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Perry v. Fox

United States District Court, E.D. California

July 24, 2019

JACK PERRY, Petitioner,
ROBERT FOX, Respondent.



         Petitioner is a California state prisoner proceeding pro se with an application for a writ of habeas corpus pursuant to 28 U.S.C. § 2254. On October 31, 2014, petitioner was convicted of elder abuse and assault with a stun gun. The jury also found true the allegation that petitioner had inflicted great bodily injury on a person over the age of seventy. He now raises a single ground for relief in his petition: that the admission of expert testimony by the prosecution violated his federal due process rights. For the reasons stated hereafter, the petition should be denied.


         The victim - seventy-six-year-old Elias Carranco - worked as a parking attendant at a Stockton parking lot. The parking lot was situated near an apartment complex which petitioner frequented. On June 24, 2014, Carranco made ready to leave the parking lot in his vehicle. Carranco's exit was blocked, however, because petitioner was standing near the parking lot exit with his bicycle. Carranco asked petitioner to move, but he would not comply. Petitioner claimed that, after the two reached an impasse, Carranco used his vehicle to forcibly edge petitioner's bicycle forward. Petitioner's leg was pushed beneath the front bumper of the vehicle and the bicycle was toppled. Petitioner picked up the bicycle, screamed at Carranco, and moved to throw the bicycle at the vehicle. Carranco responded by driving forward and striking the bicycle, which caused the handlebar to strike petitioner in the face. Petitioner then walked to the driver's side of the vehicle and punched Carranco. Carranco drove a short distance away and called police to report the incident. Police took a report, but no one was arrested that day.

         The following day, petitioner was seen with a taser moving from the apartment complex toward the parking lot where Carranco worked. Shortly thereafter, he was seen returning to the apartments. Minutes after petitioner's return to the apartments, Carranco was discovered on the ground, eyes closed, in a pool of blood. He would eventually open his eyes, but proved incoherent and unable to explain what had befallen him. Carranco was taken to a hospital and treated for a ruptured ear drum, a fractured skull, and a brain bleed.

         At trial, the prosecution presented testimony from expert witness Ed Obayashi - the lead instructor for the Internal Affairs Investigation Course at Alameda Regional Training Center. Part of his course at the training center centered on Taser use of force, including: (1) analysis of video evidence involving Taser discharge; (2) the characteristic effects of Taser use on a victim's physiology; and (3) the falling patterns of Taser victims. Obayashi showed jurors an example video of a man having a Taser used against him. He pointed out how the victim's body went stiff and rendered incapable of doing anything other than falling. Obayashi explained that only a Taser would cause an individual to fall helplessly backwards without any attempt to break the fall.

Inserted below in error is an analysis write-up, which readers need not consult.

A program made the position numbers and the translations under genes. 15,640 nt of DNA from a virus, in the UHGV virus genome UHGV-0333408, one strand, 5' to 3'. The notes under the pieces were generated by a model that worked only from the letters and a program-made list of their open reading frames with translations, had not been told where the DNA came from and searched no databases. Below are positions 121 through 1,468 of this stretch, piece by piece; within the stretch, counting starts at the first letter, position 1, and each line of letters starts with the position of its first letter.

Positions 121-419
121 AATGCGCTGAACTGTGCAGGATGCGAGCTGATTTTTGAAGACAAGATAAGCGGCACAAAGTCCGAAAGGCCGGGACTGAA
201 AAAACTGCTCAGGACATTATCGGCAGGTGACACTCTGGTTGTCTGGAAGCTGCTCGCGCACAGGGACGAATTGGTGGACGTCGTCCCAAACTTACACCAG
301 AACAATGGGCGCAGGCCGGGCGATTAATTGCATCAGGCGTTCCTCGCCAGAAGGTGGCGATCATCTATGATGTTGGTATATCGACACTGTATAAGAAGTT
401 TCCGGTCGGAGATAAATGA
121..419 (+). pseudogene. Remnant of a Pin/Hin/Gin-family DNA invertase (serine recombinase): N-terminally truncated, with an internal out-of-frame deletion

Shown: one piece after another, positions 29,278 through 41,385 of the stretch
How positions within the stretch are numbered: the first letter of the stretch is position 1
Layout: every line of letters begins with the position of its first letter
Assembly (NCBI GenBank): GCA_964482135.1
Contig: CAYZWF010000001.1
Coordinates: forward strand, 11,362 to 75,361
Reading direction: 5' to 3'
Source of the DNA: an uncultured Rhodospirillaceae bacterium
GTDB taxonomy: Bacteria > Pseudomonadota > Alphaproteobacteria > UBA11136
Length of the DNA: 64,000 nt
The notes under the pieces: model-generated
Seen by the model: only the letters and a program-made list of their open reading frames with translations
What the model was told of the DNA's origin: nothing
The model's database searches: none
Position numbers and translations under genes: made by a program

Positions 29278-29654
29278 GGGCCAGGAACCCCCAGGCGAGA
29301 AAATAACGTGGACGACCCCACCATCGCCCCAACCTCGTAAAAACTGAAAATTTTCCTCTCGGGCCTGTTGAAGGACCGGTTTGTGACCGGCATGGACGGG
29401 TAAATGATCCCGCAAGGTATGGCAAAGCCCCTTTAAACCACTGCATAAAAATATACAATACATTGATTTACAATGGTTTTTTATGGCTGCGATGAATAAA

Next and in the presence of the jury, Obayashi reviewed a surveillance video of the June 25, 2014 incident. He pointed out similarities between the victim's fall and the example video. Obayashi offered his opinion that the victim was most likely attacked with a Taser. Obayashi had no information - other than a hospital report which he reviewed for physical evidence of Taser use - as to the identity of the victim or suspect, nor did he have any other background information about the incident.


         I. Applicable Statutory Provisions

         28 U.S.C. § 2254, as amended by the Antiterrorism and Effective Death Penalty Act of 1996 (“AEDPA”), provides in relevant part as follows:

(d) An application for a writ of habeas corpus on behalf of a person in custody pursuant to the judgment of a state court shall not be granted with respect to any claim that was adjudicated on the merits in State court proceedings unless the adjudication of the claim -
(1) resulted in a decision that was contrary to, or involved an unreasonable application of, clearly established Federal law, as determined by the Supreme Court of the United States; or
(2) resulted in a decision that was based on an unreasonable determination of the facts in light of the evidence presented in the State court proceeding.

Section 2254(d) constitutes a “constraint on the power of a federal habeas court to grant a state prisoner's application for a writ of habeas corpus.” (Terry) Williams v. Taylor, 529 U.S. 362, 412 (2000). It does not, however, “imply abandonment or abdication of judicial review, ” or “by definition preclude relief.” Miller El v. Cockrell, 537 U.S. 322, 340 (2003). If either prong (d)(1) or (d)(2) is satisfied, the federal court may grant relief based on a de novo finding of constitutional error. See Frantz v. Hazey, 533 F.3d 724, 736 (9th Cir. 2008) (en banc).

         The statute applies whenever the state court has denied a federal claim on its merits, whether or not the state court explained its reasons. Harrington v. Richter, 131 S.Ct. 770, 785 (2011). State court rejection of a federal claim will be presumed to have been on the merits absent any indication or state law procedural principles to the contrary. Id. at 784-785 (citing Harris v. Reed, 489 U.S. 255, 265 (1989) (presumption of a merits determination when it is unclear whether a decision appearing to rest on federal grounds was decided on another basis)). “The presumption may be overcome when there is reason to think some other explanation for the state court's decision is more likely.” Id. at 785.

         A. “Clearly ...

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